After the funeral, Priest Chokugu of the Gichuji Temple, led us to a small mound and buried him, as our master desired it himself, next to the mound of Lord Kiso, a little behind the temple gate, near the place where an old willow tree was standing. We thought there was a mysterious connection between Lord Kiso and our master, so we made our master’s grave similar in shape to the grave of Lord Kiso, and built a simple fence round it. We also planted for his name’s sake a stock of basho tree which had withered in cold weather.
source : simplyhaiku 2006





. Bashoo Ki 芭蕉忌 Basho's Death Anniversary .


Temple Gichu-Ji, more LINKS


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Basho walked
this road, I realize
and slow at the thought

At the grave of Basho
bees buzz in the flowers -
what can I say?

tms visits the area: Read his report.
© tms


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田螺取義仲寺遠く暮れにけり
tanishi tori Gichuuji tooku kure ni keri

collecting mudsnails -
the temple Gichu-Ji afar
in the evening light


Iida Dakotsu 飯田蛇笏 (1885 - 1962)

WKD : mud snails (tanishi)




Temple Gichuuji 義仲寺
. . . CLICK here for Photos !


Basho Ogina Ekotoba Den 芭蕉翁絵詞伝 The Life of the Venerable Basho in Pictures and Words
picture scrolls of the biography of Basho the Elder
at temple Gichu-Ji in Otsu 滋賀県大津市・義仲寺所蔵
.www.bashouan.com .

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. Matsuo Basho at Lake Biwako 琵琶湖  .


. Inoue Juukoo 井上重厚 Inoue Juko (1738 - 1804) .
In 1792 he became the 7th master of the Mumyo-An 無名庵 / Gichuuji 義仲寺 Temple Gichu-Ji .
He compiled hokku attributed to Matsuo Basho
- Moto no Mizu もとの水 - 句集 - A Hokku Collection -

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Mizuta Masahide 水田正秀(孫右衛門) (? - 1723)

Basho's letter to Masahide



(Basho usually hates crows)

A wonderful poem embedded in a compilation of polite standard phrases, which even a poetic genius like Matsuo Basho was using. Basho seems slightly embarrassed when he writes that he was sorry to have nothing special to pass on.

"Thank you for sending me a letter. – I should have written earlier. I am sorry. I am happy to hear that you are fine. I am fine too.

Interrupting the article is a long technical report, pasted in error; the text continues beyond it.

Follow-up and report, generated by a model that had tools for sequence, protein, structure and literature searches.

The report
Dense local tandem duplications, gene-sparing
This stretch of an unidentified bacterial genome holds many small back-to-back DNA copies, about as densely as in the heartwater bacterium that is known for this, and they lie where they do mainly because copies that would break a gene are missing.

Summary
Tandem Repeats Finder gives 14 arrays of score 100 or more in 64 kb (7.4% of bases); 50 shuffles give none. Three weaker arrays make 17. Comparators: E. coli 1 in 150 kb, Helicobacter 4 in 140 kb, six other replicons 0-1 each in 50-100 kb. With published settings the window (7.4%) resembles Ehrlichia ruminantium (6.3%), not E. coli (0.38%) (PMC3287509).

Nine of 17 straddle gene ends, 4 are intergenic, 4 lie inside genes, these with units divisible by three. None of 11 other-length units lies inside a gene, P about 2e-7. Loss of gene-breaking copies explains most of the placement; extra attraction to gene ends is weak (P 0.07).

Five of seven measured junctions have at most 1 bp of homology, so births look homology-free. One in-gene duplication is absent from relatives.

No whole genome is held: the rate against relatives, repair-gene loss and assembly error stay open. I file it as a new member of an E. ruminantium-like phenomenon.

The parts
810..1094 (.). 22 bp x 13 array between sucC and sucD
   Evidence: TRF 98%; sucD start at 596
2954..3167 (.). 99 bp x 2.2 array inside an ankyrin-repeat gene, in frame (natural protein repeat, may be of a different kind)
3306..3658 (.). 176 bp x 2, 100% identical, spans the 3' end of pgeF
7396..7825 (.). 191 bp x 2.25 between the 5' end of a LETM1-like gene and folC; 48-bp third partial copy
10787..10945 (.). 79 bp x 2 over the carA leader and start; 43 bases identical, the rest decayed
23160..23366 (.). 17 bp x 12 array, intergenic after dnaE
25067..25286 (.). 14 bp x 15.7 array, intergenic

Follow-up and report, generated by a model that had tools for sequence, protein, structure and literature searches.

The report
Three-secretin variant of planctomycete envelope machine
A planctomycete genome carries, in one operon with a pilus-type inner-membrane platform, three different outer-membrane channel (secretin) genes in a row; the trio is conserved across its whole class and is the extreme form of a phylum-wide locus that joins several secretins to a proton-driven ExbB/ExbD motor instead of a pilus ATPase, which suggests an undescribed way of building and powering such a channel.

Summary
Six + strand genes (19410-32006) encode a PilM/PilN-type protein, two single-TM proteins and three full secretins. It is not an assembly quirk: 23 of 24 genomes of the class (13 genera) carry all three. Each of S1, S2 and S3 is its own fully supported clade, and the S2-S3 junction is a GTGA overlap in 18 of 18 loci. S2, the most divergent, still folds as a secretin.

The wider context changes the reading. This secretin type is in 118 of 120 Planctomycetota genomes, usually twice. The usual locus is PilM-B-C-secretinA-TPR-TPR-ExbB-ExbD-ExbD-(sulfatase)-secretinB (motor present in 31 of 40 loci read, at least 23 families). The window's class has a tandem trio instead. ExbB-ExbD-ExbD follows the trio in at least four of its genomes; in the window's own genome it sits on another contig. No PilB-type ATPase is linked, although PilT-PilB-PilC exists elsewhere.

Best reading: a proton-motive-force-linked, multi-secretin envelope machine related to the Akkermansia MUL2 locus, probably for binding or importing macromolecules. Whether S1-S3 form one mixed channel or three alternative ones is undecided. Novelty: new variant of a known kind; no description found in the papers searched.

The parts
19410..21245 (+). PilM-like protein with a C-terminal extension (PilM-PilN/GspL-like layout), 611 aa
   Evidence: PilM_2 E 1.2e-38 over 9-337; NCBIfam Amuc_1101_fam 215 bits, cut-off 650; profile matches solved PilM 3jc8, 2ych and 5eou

The other day, it was snowy and very cold. I was in my hut and did not go anywhere. Then, I composed this Haiku:

ひごろにくき烏も雪の朝哉
higoro nikuki karasu mo yuki no ashita kana

A crow
Which I'd usually hate.
So beautiful in morning snow.


I wrote this! - When you have time, please visit me and stay for the night. Let's talk together. I will be waiting for you with Yusui*. Although it is not as good if there were only you and me. Sorry to have nothing special to pass on this time. That's all.
– The 12th day of the 9th (lunar) month –
PS I am greatly looking forward to your visit."

The poem was composed in 1691, at Gichu-ji, a Tendai temple in Otsu where Basho often stayed in a cottage called Mumyo-an, "Nameless Hut". Basho was later buried in Gichu-ji temple.

*Yusui, mentioned in the letter, is Mizuta Masahide (1657-1723), a medical doctor and Samurai. As a poet he was a follower of Basho. Masahide was the head of a group of poets who built (paid for) the Mumyo-an.

- source : BachmannEckenstein | JapaneseArt -


. . . 今朝東雲のころ、木曽寺の鐘 の音枕に響き、起きいでて見 れば、白妙の花の木に咲きて    おもしろく
source : itoyo/basho/haikusyu


Masahide's Death Poem

while I walk on
the moon keeps pace beside me:
friend in the water

(wikipedia)


- - - - - Matsuo Basho's haiku about
. - - - nikumu 憎む to hate, to despise - - - .

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A Resting Place for His Spirit: Basho in Zeze
from the Basho4Now Trilogy
Translations and Commentary by Jeff Robbins
Assisted by Sakata Shoko

Of all the places Basho visited in his travels, one in particular, Zeze, a section of Otsu, (now around the eastern end of the Omi Ohashi Bridge) just across the mountains to the west of Kyoto, drew in his heart. Basho spent days and months at various locations in Zeze, somehow connecting with the place – so just before he died, he requested that he be buried at Gichuji Temple, a short walk from the shore of Lake Biwa.

One attraction of Zeze to Basho’s heart was the presence of Lake Biwa and the mountains surrounding the shore of the vast lake.
- snip -
We begin just after Basho finished his journey to the Deep North in the autumn of 1689; still traveling, he went to Ise and his hometown Iga (in Mie-ken). From Iga, Zeze in Otsu is just across a range of low mountains to the north. Here, 400 years before, lived the poetess and nun Shosho. In the coldest time of the year, Basho visits Chigetsu for the first time.
- snip -
- source : Jeff Robbins -


Take Back the Sun
By Jeff Robbins
- source : books.google.co.jp -